16.Nb5 That's another downside of 9...a5, all those moves ago. 16...Nf6 17.fxe5 [17.Nf2 also keeps White's advantage: 17...Nxf4 (17...exf4 18.Rh3 Ne4 19.Nd3 Be5 20.Bf3 Re7 21.Qc2 Qf8 22.Rh5 Qf6 23.Nxe5 Qxe5 24.b3!±) 18.Bxf4 exf4 19.Rf3 Ne4 20.Nxe4 fxe4 21.Rxf4 Rxf4 22.Rxf4 Bxb2 23.Bg4!] 17...dxe5 [17...Nxe5 18.Nf4 Ne4 19.Rh3 conclusively demonstrates the usefulness of the Rook on a3.] 18.Nf2 Bf8 19.Rb3 Bd7 [After 19...Bc5!? comes 20.Nd3 Bf8 21.Bg5 Be7 22.Qd2]

20.Bg5 Bc5 21.Qb1! White plays with an extra Rook for the time being; that's why he is better 21...e4 22.Nh3 Moving to blockade the Black pawns, after which white can think about g2-g4 to crack them apart. 22...Be7 23.Qc1± Ne8 24.Rg3! Bxg5 25.Nxg5 Rf6 [25...Rg7 26.Nd4 f4 27.Nge6±] 26.Nd4 Ng7 27.c5! Kh8 [27...bxc5 28.Qxc5 Rd6 29.Nde6±]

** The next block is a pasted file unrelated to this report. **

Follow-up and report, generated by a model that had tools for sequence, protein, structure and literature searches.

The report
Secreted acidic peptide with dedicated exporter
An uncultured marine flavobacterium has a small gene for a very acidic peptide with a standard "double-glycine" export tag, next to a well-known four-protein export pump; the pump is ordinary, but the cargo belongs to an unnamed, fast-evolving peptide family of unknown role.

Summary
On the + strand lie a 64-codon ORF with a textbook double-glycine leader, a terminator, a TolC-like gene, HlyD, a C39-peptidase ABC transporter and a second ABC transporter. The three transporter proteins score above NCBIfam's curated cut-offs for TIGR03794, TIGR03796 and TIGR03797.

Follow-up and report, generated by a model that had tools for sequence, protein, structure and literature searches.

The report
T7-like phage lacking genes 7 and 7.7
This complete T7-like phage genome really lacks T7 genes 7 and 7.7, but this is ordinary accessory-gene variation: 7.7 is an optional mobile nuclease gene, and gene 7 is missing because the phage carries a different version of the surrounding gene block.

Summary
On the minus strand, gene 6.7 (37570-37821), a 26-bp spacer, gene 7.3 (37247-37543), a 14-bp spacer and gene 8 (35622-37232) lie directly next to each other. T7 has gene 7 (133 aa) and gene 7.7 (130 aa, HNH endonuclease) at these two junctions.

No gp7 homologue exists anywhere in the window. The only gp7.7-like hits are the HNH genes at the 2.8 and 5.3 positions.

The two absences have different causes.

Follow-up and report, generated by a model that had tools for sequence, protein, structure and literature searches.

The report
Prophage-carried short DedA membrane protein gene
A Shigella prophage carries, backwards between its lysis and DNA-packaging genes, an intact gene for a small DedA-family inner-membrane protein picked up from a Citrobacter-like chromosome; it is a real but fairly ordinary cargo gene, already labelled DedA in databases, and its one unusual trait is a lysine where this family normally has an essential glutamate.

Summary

28.c6! Bc8 [28...Be8 29.Nde6 Nxe6 30.Nxe6 Qd6 31.Qg5 Rxe6 32.dxe6 Qxe6 33.Rxf5+-] 29.Bc4 AsHuzman recounts, the last preparatory move befoe White starts the decisive attack. Note the Rook on a8 which has still not yet entered the fray. 29...Ne5 30.Rh3! h6? [30...h5 was the only move to prolong matters after which White has many strong moves: 31.Bb3 (31.Nde6 Bxe6 32.Nxe6 Qd6 33.Nxg7 Kxg7 34.Rxh5±; 31.b3! Qe7 32.Nde6 Bxe6 33.Nxe6 Qf7 34.Nxg7 Kxg7 35.Qg5+ Qg6 36.Qf4 Nxc4 37.Rg3±; 31.Nge6 Bxe6 32.Nxe6 Qd6 33.Nf4 Kg8 34.Nxh5 Nxh5 35.Rxh5 Raf8 36.Qc3 Nxc4 37.Qxc4±) 31...Nd3 32.Qd1±; 30...Nxc4 31.Nxh7!+-] 31.Nxe4!+- fxe4 32.Rxf6 Bxh3 [32...Qxf6 33.Rxh6+]

33.Rxh6+ Kg8 34.d6+ A superb game from Larsen, where the pawn move a2-a4 was used in a most unexpected way. 1–0

1.d4 Nf6 2.c4 g6 3.Nc3 Bg7 4.e4 d6 5.f3 b6!? Dubbed 'futuristic' by IM Gerald Welling. My simple thought is that the Samisch pawn structure is inflexible and with good timing Black should be able to obtain a good position, full of dynamic chances.